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28.08.2018 | Original Article

Patient prosthesis mismatch and its impact on left ventricular regression following aortic valve replacement in aortic stenosis patients

Indian Journal of Thoracic and Cardiovascular Surgery
Abid Iqbal, Varghese Thomas Panicker, Jayakumar Karunakaran
Wichtige Hinweise


Prof Milind Hote,
Professor, CTVS,
All India Institute of Medical Sciences, New Delhi.
Q1. It is an interesting study that seeks to look at the issue of PPM from another angle based on the conclusion statement “LV mass regression was significantly higher in patients with iEOA more than 0.75. This can be considered as criteria for significant PPM in study population”.
The study proposes to use LV mass regression as the judging criteria; compared to the conventional use of iEOA. So do the authors mean the patients in whom we implant prosthetic valves with 0.75 iEOA, these patients are NOT LIKELY to have any disabling symptoms in the immediate term and long term?.
Ans.: The outcome measured in our study is the extent of LV regression following AVR and we observe that LV regression in patients with iEOA between 0.75 and 0.85 is comparable to that in patients with iEOA more than 0.85, the conventional cut off for PPM. This in turn is significantly higher than those with iEOA less than 0.75. Since the pathophysiology in AS is closely associated with LV hypertrophy, the risk of developing disabling symptoms in patients with iEOA between 0.75 and 0.85 should be equal to those with iEOA more than 0.85.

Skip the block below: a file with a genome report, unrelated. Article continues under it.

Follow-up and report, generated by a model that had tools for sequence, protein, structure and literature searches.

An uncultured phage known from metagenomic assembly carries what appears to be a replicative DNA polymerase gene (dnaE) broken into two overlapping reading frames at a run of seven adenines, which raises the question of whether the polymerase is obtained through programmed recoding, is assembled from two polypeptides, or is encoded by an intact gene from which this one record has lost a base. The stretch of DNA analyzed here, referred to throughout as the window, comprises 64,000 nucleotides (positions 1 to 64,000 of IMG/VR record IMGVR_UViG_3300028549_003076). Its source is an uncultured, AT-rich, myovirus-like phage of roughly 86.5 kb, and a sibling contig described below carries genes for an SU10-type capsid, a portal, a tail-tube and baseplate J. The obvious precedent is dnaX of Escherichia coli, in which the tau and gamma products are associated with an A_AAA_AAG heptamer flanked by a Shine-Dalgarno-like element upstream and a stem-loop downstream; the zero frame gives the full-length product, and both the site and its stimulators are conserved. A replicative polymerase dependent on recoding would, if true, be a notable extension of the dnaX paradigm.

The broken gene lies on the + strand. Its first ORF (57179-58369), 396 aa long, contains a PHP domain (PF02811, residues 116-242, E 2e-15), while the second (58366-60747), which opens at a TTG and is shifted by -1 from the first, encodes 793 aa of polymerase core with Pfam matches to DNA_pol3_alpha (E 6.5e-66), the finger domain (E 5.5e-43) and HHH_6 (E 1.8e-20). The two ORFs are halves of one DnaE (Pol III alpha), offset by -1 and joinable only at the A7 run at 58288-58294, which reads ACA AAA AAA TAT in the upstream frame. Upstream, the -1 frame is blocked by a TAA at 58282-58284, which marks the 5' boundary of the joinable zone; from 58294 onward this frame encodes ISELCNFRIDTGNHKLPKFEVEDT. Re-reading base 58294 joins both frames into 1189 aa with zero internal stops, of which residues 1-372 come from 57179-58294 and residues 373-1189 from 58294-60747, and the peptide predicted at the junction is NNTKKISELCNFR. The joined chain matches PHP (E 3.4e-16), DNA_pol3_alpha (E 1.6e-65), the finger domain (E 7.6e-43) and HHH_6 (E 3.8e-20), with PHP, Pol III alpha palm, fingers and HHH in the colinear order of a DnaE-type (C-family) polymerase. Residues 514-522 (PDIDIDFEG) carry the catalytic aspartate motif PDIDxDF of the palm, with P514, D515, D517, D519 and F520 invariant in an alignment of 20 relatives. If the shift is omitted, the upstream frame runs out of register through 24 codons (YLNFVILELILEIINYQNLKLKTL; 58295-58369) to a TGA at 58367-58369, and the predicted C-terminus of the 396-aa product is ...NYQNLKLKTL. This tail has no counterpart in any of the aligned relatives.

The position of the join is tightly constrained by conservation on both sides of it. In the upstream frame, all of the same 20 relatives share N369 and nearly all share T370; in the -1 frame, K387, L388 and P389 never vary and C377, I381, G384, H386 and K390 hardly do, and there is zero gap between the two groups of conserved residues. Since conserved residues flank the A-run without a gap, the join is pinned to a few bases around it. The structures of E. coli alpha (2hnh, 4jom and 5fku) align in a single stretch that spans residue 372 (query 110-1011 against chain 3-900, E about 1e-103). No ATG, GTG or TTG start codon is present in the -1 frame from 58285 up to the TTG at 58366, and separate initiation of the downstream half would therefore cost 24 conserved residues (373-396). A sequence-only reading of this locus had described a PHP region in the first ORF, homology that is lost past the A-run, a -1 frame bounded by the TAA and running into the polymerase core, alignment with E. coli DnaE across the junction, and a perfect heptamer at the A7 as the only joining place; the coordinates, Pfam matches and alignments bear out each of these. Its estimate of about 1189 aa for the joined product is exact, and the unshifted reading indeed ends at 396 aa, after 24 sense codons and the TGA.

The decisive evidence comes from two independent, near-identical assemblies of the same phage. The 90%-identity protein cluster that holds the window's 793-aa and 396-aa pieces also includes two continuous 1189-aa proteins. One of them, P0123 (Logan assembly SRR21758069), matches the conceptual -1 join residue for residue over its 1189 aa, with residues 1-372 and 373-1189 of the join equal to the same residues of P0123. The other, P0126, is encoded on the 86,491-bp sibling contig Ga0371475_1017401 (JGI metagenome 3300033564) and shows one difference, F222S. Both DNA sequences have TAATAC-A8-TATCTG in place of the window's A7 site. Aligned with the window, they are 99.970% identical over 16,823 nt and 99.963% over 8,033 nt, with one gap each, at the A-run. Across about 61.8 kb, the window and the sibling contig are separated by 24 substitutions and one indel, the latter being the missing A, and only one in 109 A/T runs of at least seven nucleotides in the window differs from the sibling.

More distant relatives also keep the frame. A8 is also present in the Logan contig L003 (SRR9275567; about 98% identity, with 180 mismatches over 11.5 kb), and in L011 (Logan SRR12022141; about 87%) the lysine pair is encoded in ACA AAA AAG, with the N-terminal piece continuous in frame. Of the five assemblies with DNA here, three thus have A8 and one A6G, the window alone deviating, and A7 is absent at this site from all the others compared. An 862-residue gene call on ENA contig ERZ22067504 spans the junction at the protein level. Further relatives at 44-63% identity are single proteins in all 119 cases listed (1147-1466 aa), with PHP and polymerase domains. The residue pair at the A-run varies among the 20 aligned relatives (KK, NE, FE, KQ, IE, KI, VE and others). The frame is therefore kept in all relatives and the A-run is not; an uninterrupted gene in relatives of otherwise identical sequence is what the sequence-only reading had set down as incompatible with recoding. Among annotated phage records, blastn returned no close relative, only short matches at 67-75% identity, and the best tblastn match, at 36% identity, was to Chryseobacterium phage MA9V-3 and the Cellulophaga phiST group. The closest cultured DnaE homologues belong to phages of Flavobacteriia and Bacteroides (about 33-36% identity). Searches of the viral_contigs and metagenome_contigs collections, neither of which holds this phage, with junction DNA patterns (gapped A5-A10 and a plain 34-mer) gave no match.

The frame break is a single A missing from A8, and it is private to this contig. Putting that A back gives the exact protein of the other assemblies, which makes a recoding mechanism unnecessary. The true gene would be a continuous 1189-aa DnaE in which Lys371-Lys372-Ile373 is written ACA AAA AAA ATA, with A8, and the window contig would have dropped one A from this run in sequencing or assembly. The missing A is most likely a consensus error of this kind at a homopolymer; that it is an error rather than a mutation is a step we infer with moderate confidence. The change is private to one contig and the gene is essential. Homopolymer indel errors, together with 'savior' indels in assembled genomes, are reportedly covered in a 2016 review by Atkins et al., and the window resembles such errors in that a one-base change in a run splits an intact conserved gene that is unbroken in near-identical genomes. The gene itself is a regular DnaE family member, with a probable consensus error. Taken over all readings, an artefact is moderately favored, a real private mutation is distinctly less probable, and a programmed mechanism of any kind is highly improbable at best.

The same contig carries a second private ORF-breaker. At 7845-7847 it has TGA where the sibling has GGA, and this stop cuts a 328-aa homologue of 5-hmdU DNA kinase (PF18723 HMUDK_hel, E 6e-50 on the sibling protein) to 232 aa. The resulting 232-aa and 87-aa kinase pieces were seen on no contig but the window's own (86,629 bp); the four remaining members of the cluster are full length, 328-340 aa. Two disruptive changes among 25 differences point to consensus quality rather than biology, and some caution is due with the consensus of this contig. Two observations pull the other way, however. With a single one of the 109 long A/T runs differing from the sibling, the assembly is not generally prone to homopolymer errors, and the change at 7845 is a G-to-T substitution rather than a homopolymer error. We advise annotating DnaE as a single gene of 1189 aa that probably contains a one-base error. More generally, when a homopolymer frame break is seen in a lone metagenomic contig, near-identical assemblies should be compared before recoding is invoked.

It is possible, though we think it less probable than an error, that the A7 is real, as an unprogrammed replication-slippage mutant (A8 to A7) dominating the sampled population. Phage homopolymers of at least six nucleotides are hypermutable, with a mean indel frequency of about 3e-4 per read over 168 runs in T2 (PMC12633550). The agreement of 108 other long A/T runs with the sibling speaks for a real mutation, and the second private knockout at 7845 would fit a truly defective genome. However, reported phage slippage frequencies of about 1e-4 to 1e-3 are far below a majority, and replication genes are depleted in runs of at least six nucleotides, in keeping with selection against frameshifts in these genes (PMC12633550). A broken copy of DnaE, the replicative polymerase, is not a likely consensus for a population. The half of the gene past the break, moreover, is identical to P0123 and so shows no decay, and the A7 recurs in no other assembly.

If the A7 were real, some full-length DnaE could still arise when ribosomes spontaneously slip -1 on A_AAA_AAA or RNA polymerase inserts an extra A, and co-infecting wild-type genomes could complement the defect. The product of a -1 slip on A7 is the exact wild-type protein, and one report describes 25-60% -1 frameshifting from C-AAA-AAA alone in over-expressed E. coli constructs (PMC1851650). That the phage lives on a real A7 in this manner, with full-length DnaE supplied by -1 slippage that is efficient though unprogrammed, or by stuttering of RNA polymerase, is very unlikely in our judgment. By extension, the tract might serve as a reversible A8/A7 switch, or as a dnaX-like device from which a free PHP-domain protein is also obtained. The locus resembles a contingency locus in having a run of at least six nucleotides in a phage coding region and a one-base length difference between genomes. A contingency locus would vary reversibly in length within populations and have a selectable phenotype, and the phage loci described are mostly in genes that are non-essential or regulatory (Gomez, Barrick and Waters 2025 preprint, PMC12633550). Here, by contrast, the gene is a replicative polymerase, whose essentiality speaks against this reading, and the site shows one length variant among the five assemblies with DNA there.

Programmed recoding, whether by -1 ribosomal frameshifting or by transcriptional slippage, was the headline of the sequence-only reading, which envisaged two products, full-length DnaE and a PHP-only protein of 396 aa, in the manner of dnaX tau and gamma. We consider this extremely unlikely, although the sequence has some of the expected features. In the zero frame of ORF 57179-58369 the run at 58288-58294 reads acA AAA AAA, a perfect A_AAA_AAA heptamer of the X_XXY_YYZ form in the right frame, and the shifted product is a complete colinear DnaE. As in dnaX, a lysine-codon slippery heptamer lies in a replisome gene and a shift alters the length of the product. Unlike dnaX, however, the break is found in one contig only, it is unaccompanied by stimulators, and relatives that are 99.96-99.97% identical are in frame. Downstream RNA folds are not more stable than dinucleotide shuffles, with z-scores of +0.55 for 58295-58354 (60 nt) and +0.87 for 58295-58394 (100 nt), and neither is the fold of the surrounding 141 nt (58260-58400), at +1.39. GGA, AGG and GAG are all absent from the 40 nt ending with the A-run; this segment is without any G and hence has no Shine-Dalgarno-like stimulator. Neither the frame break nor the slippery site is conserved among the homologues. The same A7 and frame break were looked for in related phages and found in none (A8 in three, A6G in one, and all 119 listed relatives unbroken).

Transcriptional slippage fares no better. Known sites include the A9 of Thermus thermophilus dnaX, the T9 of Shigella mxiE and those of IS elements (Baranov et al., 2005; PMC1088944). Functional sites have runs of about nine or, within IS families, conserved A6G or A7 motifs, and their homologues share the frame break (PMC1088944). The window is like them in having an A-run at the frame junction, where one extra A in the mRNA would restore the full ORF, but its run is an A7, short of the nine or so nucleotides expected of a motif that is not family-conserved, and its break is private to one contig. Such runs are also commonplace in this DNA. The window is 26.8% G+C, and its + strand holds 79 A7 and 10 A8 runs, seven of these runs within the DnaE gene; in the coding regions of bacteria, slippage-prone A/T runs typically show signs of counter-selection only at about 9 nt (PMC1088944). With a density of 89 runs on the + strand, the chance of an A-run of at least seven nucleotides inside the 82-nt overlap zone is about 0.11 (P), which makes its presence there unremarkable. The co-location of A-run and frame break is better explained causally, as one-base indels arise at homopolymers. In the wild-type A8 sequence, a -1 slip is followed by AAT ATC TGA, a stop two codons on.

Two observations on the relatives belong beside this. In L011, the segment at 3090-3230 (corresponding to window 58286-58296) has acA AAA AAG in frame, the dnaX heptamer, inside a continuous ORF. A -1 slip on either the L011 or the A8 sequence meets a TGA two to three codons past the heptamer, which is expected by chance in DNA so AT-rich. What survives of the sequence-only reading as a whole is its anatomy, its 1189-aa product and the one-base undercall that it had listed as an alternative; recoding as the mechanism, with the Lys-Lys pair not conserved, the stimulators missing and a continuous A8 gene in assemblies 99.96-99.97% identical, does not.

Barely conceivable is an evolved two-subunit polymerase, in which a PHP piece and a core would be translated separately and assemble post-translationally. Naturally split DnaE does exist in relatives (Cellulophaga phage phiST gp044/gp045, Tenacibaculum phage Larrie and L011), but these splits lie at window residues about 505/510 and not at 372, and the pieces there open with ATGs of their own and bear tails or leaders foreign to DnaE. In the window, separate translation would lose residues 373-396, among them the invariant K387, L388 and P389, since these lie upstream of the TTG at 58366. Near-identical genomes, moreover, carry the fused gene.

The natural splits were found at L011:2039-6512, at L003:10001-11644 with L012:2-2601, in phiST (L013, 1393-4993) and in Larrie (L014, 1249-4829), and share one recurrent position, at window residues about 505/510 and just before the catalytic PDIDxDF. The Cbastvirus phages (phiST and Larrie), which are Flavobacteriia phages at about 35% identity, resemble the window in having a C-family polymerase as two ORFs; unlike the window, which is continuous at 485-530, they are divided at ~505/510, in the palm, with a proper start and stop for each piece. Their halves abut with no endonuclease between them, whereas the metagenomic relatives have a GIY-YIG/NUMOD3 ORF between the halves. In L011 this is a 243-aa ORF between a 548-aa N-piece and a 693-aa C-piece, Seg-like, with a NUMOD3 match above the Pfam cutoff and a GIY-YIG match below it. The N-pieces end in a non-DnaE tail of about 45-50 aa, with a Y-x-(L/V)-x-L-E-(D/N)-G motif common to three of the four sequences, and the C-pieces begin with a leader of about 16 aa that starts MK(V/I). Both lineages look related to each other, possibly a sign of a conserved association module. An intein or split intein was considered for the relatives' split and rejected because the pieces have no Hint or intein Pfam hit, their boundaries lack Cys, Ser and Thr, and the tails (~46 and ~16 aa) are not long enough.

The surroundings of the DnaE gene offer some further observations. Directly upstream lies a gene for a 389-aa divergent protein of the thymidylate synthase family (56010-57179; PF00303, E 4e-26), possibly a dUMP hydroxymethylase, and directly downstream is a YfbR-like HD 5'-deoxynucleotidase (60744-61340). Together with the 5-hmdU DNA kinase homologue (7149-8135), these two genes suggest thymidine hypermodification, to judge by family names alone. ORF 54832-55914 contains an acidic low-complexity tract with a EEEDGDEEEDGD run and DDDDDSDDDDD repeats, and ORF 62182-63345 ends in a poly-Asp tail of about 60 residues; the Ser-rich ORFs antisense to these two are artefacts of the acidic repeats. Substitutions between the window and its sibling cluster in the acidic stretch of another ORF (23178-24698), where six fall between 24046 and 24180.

Q2. There are conflicting reports available in literature on correlation between PPM and mortality. Some series say the mortality is increased, others deny the same ( no effect/equivocal effect ), and there is a recent report to the contrary also –Ana Kadkhodayan et al in“ Structural Heart” journal, 2017 issue, wherein they compared the 30 day mortality and LV mass regression between 2 groups ( Surgical AVR vs TAVR ). They found that group with HIGHER LV mass regression had significantly HIGHER 30 day mortality.
What in your estimate, would be the impact of using iEOA of 0.75 on long term mortality?.